Wednesday, February 13, 2008

Cemeteries of Valpo

Perhaps the best places keeping a cultural record on the population make up inhabiting any town through time are the public cemeteries. Valparaiso keeps 4 historical cementeries recording the passing away of their citizens. 3 were operative in two hill sections of town during the last quarter of the XIX century. 2 of them dating back to 1820s, being officially recognised when the local governor Juan Melgarejo inaugurated their earlier buildings, settling in that way the first public cementery outside catholic church grounds in Chile at the top of the Panteon Hill. Of course, for that age segregation occurred quickly and soon three cemeteries emerged, two public for catholics and another private for no catholics.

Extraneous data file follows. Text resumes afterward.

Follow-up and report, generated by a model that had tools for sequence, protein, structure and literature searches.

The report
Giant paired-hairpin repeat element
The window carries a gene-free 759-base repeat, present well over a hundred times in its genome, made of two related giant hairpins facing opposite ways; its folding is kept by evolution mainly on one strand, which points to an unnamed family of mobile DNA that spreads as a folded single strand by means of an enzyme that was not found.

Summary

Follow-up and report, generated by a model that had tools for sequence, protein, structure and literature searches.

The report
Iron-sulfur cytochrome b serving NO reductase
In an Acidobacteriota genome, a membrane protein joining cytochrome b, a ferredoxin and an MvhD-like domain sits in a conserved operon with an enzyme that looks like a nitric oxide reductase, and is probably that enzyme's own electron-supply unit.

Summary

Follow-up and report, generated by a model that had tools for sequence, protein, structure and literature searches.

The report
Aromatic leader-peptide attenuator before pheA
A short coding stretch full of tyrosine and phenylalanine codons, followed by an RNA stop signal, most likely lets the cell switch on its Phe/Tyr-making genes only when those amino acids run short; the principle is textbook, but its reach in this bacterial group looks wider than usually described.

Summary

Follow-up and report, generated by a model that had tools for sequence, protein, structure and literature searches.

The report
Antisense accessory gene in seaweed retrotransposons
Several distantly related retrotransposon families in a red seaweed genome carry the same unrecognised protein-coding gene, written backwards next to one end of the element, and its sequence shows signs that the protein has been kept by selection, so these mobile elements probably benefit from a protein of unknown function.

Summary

One of these older cemeteries is the so called Cementerio de disidentes (non conformist non catholic) where most of the earlier british anglican and german lutheran citizens of Valparaiso started to be buried. Here is where most of the earlier traditional celtic crosses for british subjects are found. Later on, the local german community of Valpo bought their own walled quarter at the larger public cemetery 3 of Playa Ancha Hill where traditional germanic gravestone work is preserved. I started to look after the cemeteries because they keep the best historical record of stonework in different rock materials such as sandtone, granite, diorite, marbles, etc. that came along with cobblestones as ballast weight in sailing ships from all over the world to build the streets and buildings of Valparaiso.